Monday, 26 January 2009

DVD Review: Jean-Paul Blarteau – Gendarme de l’Hypermarché

At the time of writing, the ‘comedy’ Paul Blart – Mall Cop is the top rated film in North America. Few of the mouth-breathing masses who saw it know that this harmless piece of Hollywood tripe is actually based on a 2006 French film, entitled Jean-Paul Blarteau – Gendarme de l’Hypermarché. Next week, in a hasty attempt to cash in on Blart’s success, International Film Distribution Ltd will be releasing the original French film on DVD, hoping for some of the American film’s popularity to rub off on it. Given that I didn’t have anything better to do with my Saturday (thanks for standing me up, Dave), I decided to see how the original fared.

Jean-Paul Blarteau – Gendarme de l’Hypermarché is certainly very different to its English-language equivalent. For a start, the main plot is not about a hapless mall security guard who is forced to defend his place of work from a group of robbers, as in Blart. Instead, the plotline revolves around the existential confusion of the eponymous Blarteau, whose life plays out in a series of black and white scenes involving lost balloons, strange asexual children and an idiot savant who constantly breaks wind and laughs.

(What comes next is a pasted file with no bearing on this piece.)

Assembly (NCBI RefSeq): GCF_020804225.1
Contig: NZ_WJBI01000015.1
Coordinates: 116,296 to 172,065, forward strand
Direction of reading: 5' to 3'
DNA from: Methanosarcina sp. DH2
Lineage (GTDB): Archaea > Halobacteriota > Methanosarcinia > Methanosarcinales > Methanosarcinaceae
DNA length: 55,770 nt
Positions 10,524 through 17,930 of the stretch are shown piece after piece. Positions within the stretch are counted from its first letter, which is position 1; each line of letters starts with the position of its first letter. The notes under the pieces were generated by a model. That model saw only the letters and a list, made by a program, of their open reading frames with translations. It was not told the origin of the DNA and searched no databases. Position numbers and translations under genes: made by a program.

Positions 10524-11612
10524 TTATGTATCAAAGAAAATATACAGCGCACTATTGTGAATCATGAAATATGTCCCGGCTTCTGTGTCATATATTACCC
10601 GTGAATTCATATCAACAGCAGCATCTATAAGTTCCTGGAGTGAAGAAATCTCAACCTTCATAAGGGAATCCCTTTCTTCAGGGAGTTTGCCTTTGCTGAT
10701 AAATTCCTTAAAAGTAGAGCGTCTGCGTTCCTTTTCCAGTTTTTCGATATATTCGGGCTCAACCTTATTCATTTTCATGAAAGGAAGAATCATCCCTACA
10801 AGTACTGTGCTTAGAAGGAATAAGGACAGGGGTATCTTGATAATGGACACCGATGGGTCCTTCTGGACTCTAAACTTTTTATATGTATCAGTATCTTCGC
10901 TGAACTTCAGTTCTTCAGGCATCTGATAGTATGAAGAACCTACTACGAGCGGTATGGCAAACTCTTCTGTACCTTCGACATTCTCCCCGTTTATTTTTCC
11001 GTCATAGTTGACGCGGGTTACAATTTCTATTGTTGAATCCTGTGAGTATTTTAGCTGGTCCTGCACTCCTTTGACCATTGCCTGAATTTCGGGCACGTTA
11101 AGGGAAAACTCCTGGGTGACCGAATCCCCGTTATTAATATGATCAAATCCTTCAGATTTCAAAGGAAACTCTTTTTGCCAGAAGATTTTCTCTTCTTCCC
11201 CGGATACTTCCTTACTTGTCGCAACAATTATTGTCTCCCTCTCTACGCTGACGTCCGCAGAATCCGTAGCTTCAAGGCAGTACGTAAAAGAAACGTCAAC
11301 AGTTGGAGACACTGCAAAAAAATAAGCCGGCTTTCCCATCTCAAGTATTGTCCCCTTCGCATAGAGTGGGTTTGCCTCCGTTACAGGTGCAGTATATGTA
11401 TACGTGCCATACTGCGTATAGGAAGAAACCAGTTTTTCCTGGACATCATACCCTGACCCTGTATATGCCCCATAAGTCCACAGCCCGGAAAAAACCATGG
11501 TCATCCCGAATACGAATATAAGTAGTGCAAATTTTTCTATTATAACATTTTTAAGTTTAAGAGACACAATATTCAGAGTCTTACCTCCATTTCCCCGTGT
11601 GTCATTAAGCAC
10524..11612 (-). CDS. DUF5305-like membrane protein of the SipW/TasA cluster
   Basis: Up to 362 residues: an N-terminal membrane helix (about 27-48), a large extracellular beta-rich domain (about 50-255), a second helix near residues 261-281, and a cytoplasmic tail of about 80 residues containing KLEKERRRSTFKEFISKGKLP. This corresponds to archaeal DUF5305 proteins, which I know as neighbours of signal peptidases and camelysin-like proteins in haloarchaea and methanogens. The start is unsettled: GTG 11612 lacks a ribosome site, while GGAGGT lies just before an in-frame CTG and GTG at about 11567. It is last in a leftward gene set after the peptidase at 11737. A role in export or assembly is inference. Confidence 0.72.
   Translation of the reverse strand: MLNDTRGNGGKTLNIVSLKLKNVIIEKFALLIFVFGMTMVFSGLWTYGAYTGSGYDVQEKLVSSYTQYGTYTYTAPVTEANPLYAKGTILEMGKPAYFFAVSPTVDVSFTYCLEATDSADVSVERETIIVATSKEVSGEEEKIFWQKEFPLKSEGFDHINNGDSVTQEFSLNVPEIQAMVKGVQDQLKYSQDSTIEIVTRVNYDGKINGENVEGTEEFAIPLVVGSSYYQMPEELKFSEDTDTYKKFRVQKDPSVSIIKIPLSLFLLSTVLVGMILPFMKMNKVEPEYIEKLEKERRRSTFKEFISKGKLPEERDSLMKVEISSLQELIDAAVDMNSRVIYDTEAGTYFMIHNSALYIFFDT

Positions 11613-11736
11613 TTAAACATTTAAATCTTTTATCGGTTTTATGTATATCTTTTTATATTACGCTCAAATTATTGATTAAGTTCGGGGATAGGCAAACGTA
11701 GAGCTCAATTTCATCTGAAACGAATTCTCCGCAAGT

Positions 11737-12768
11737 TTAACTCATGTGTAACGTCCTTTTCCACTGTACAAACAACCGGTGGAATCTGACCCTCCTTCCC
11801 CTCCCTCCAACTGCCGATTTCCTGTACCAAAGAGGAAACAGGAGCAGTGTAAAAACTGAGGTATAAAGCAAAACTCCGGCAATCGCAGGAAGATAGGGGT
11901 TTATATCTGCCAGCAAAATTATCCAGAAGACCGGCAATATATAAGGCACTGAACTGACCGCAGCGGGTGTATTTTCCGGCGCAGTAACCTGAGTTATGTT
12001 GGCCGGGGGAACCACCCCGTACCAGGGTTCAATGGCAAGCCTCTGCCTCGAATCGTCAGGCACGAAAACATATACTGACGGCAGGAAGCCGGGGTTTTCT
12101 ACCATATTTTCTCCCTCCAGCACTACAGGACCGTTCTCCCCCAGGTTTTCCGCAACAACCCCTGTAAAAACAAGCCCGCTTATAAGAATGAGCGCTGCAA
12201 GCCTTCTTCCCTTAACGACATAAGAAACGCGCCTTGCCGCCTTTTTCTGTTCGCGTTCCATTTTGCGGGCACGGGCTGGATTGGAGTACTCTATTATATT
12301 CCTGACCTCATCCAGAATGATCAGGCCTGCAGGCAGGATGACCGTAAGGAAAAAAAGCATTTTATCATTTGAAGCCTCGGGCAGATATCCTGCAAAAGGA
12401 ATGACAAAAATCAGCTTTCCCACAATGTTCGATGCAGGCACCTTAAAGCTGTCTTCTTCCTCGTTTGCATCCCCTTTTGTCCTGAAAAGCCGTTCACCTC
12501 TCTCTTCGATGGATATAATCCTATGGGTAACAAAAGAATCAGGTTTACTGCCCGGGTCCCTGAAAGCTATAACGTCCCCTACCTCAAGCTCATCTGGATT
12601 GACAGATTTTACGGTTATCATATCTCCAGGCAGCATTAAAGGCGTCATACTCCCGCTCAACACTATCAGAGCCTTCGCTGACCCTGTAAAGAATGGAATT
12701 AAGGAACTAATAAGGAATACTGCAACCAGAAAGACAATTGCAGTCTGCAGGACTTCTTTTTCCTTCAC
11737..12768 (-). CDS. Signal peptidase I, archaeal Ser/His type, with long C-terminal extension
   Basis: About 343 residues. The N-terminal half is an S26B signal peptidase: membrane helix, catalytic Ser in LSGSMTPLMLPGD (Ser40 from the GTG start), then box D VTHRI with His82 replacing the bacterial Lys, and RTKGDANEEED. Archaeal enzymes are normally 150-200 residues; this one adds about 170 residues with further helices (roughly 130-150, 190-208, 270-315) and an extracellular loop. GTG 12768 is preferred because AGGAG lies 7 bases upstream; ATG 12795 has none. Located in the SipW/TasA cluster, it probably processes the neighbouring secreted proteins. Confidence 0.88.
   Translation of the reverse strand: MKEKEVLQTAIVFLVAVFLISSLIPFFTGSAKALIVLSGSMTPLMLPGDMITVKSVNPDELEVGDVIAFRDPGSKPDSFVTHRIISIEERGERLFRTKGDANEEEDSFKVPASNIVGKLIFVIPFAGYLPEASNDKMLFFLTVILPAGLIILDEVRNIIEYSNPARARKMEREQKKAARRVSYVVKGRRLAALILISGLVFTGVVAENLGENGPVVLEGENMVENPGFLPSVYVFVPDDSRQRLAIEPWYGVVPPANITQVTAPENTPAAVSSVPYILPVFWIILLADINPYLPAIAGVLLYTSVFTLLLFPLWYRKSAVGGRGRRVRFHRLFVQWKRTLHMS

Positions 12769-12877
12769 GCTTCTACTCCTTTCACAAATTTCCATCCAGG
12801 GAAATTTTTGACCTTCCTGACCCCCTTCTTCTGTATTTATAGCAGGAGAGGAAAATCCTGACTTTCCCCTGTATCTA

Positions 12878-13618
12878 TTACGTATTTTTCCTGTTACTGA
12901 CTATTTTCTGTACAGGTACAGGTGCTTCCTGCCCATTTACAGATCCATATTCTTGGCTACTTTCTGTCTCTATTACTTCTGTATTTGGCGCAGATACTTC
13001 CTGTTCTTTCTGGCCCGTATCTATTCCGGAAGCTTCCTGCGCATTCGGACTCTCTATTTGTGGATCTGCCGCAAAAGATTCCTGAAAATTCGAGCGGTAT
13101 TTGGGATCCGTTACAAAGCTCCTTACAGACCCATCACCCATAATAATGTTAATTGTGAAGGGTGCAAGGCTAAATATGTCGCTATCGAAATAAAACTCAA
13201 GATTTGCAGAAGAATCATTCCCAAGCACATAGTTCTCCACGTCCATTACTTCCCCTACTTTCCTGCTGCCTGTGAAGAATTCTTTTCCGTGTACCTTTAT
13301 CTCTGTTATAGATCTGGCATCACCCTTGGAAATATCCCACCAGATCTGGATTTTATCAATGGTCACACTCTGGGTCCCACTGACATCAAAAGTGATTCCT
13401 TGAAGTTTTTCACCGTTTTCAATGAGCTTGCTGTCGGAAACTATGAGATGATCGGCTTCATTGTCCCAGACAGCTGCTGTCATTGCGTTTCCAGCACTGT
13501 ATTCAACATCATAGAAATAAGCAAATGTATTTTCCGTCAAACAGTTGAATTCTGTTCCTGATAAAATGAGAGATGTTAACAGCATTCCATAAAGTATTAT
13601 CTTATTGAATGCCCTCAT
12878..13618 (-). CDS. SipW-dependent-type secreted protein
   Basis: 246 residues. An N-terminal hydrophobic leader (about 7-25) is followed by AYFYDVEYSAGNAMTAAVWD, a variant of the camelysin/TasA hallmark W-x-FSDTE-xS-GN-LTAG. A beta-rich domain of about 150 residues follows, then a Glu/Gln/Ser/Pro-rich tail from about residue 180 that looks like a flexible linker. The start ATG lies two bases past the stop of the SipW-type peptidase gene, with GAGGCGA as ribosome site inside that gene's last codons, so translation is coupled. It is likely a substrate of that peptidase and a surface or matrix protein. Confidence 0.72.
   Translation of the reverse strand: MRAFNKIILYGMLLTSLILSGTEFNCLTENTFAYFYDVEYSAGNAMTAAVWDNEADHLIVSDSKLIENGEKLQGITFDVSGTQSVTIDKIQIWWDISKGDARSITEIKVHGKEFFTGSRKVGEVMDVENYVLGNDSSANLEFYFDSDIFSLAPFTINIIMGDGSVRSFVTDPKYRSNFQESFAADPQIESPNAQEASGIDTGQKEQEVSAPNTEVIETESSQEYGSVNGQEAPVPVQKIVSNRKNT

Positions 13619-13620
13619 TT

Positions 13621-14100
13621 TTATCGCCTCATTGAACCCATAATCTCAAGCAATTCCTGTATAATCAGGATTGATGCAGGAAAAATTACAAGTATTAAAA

While those familiar with avant garde French cinema will be well aware of the motifs in use here, those expecting a humorous romp involving Segways, small dogs and overweight losers will be let down. Indeed, the only comic relief in this film comes from Bufo, the aforementioned farter, and even then his appearances become more and more tinged with sadness. Such visual metaphors for time’s unthinking – and unending - futility are certainly absent from the American comedy.

Moreover, the romantic subplot in Paul Blart is definitely a new addition that does not appear in the French original. In Blart’s Gallic precursor, the film’s only romance is the ten-minute scene in which Blarteau looks longingly at a small rotten onion, sighing with melancholy and ignoring the calls for help of a nearby shoplifted store owner.

In Paul Blart: Mall Cop there are many visual jokes that occur thanks to the considerable size and weight of lead actor Kevin James. By comparison, Jean-Paul Blarteau’s lead actor, Patrice Delpeche, is incredibly thin, leading the viewer to see him as half a person, as if he isn’t really there. As the film goes on, Blarteau appears to shrink from view, as the weight of his own existence pushes him further and further away from himself. As such, this does not lend itself to slapstick getting-trapped-in-an-air-vent antics.

All in all, Jean-Paul Blarteau – Gendarme de l’Hypermarché is a very thought-provoking film, with deep, challenging insights into the nature of being and the monotony of subsistence. It isn’t for everyone, and it should probably be avoided by all the cretins who queued up for tickets to Paul Blart this weekend.

Jean-Paul Blarteau – Gendarme de l’Hypermarché is available next Monday from International Film Distribution Ltd. DVD extras include a ten hour documentary on the beauty of a popped balloon and a behind-the-scenes look at some garlic.


Red said...

Am I weird for thinking l'Hypermarche is the greatest word ever?

Erin Alberty said...

So sad neither screened at Sundance.

BeckEye said...

But was it better than "Cry, Cry Again?"